Safety in (Small) NumbersJune 11, 2020
Critical crisis support to rhino conservation efforts in northwest NamibiaJuly 6, 2020
Press Release received from Wilderness Safaris – June 2020
The current rebuild of Little Kulala, Wilderness Safaris’ acclaimed desert retreat in Namibia’s Sossusvlei area, celebrates the camp’s extraordinary commitment to the restoration of the pristine Kulala Wilderness Reserve, and the biodiversity conservation of a range of fascinating arid-adapted and specialised wildlife. The rejuvenated camp will also comprise the lightest footprint possible, powered by an all-new 100% solar energy system.
“This significant investment into renewable energy will greatly reduce our carbon emissions, ensuring that the camp continues to operate with minimal impact on the Namib Desert. This was a natural step for us to ensure that our responsible, low-impact ecotourism model continues to aid the preservation of this sensitive habitat, while at the same time positively impacting local communities through employment and other income-generating activities”, notes Alexandra Margull, Wilderness Safaris Namibia MD.
The new solar-powered system consists of the latest L-ion battery technology and a 600-panel solar array. The entire camp will also use evacuated tube solar geysers to heat water, energy-efficient lights and appliances, and inverter air-conditioning units, which consume less power than conventional equivalents. Furthermore, a big focus of the rebuild is to ensure efficient operation and design, with careful thought given to the wildlife that occurs in the area. The new low walkways are designed to allow free movement of smaller reptiles and invertebrates, and the waterholes on the Reserve are pumped using solar, providing a vital source of water to wildlife, with minimal disturbance.
With the scarcity of water in the desert, every effort is made to conserve this precious resource by installing water efficient devices in camp for both guests and staff. Water usage is carefully managed and monitored on a daily basis. In addition, Little Kulala will use a Natura three-stage advanced reverse osmosis filtration system to provide guests with chilled, high-quality still and sparkling drinking water. This filter will significantly reduce bottled water usage, as well as the indirect impacts associated with the production of conventional bottled water. It also forms part of Wilderness Safaris’ waste management programme that aims to completely eliminate the use of plastic in its camps, encouraging local and farm-to-table products as well as more efficient packaging in the kitchens. In extremely remote camps such as Little Kulala, this also ensures the reduction of fossil fuels by decreasing the frequency of food transportation to and from the camp.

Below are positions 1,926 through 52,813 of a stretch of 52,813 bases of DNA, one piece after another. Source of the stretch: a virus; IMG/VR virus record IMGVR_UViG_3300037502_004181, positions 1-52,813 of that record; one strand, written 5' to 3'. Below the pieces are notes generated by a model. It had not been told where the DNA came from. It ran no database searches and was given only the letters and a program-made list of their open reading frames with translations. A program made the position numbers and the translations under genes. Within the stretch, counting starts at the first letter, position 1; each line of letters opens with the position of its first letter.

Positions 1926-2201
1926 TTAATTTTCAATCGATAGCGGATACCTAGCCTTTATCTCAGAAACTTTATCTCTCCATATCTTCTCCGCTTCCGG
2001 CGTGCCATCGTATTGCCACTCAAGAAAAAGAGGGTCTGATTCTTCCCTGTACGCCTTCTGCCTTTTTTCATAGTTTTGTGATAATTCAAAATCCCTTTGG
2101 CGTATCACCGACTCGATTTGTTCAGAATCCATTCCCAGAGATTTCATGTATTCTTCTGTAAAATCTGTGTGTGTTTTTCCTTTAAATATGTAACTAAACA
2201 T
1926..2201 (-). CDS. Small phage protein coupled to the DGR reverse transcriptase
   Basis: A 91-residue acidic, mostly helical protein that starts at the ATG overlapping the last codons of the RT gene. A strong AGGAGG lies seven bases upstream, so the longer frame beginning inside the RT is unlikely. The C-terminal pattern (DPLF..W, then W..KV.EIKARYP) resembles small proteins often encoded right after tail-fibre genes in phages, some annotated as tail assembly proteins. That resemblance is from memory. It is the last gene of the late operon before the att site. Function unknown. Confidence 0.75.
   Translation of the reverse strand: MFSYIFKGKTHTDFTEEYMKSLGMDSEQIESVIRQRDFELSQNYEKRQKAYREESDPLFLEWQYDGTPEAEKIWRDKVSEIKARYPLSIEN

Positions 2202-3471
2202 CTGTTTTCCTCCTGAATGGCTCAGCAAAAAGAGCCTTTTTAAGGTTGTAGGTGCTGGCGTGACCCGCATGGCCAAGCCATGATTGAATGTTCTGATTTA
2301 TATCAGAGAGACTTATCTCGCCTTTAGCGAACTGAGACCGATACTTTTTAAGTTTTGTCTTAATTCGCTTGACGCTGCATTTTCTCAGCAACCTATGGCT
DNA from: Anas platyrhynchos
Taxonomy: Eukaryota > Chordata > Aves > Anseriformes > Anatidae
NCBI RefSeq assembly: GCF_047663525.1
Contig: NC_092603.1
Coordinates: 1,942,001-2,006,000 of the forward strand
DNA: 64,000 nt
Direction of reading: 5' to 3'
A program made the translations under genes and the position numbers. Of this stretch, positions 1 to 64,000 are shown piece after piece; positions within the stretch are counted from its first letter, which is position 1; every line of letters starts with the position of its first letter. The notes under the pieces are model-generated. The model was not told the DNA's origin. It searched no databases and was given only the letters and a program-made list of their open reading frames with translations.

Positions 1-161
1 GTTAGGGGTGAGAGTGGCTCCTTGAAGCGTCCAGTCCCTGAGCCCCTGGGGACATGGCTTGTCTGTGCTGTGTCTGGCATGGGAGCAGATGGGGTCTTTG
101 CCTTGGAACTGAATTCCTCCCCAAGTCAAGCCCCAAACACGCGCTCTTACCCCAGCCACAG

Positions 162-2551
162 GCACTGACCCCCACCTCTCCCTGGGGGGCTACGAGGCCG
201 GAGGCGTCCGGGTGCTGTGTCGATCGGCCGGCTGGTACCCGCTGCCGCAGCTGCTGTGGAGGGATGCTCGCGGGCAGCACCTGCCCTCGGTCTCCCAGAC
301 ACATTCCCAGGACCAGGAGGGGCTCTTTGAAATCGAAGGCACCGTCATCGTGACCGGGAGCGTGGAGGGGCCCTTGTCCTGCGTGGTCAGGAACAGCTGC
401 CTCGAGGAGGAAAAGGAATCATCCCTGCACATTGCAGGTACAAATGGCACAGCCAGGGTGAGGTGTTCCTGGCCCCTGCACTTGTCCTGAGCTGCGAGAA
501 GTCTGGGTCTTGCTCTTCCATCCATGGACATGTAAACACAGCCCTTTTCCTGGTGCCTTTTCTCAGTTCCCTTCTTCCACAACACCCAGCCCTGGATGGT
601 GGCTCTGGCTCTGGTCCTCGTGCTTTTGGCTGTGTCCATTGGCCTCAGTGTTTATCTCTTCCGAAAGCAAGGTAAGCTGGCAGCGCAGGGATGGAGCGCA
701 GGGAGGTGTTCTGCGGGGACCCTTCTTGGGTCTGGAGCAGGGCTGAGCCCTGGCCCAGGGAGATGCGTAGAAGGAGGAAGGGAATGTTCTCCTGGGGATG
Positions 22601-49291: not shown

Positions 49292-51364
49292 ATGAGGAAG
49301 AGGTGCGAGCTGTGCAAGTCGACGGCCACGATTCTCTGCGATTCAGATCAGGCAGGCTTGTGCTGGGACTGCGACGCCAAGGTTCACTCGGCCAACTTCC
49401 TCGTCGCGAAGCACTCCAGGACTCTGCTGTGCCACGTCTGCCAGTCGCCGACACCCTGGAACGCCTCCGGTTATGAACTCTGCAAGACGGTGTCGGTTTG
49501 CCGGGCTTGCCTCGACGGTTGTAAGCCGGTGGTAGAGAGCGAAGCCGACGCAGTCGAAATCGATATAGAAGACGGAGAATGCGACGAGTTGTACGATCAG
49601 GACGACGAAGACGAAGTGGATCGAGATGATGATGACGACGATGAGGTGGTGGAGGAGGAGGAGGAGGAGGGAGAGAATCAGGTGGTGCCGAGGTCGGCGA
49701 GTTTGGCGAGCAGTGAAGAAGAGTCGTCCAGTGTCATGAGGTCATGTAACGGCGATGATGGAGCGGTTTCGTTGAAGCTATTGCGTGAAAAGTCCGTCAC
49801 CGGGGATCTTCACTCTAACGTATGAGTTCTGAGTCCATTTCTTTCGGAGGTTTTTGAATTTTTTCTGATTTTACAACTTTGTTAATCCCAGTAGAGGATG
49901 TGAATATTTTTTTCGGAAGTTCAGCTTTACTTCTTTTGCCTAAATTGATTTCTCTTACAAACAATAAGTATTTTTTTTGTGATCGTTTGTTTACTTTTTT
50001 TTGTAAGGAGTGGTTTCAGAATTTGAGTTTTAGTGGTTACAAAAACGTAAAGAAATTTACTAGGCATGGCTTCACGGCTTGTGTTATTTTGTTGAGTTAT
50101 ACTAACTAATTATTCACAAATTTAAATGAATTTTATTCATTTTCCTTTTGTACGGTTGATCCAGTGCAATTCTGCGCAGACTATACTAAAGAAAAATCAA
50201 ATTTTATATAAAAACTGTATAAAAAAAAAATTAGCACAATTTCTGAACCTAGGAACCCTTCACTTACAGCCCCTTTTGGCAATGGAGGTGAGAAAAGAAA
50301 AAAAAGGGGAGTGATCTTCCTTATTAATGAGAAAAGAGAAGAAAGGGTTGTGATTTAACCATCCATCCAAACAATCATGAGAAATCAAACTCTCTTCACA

“Minimising our footprint and maximising our conservation impact forms the cornerstone of our sustainability ethos, and we are proud of our long history and ongoing efforts at Little Kulala to preserve the biodiversity of the area. Back in 1996, when Wilderness Safaris first started operating here, the locale had previously been used for subsistence goat farming, and precious little indigenous wildlife remained. We undertook a comprehensive and careful rehabilitation programme to restore the degraded land to its original habitat, removing fences to allow for the natural movement of wildlife and ensuring that endemic fauna and flora could thrive in the area once again. Today, the reserve encompasses 27 000 hectares of pristine wilderness, home to a range of fascinating arid-adapted and specialised wildlife”, says Alexandra.
The Kulala Wilderness Reserve is situated in the Pro-Namib and adjoins the Namib Sand Sea – a UNESCO World Heritage Site. Found on the immediate eastern border of the Namib-Naukluft Park, the reserve is part of the Greater Sossusvlei-Namib Landscape, a collaborative conservation initiative, which today encompasses freehold land predominantly used for low-impact tourism. Little Kulala is located on the acacia-lined, ephemeral Aub riverbed, while the Tsauchab River also traverses the reserve, thus also aiding in the protection of these two key watercourses.
“We are looking forward to welcoming our guests back to Little Kulala when borders reopen and international travel resumes, and to continue offering unique life-changing journeys”, concludes Alexandra.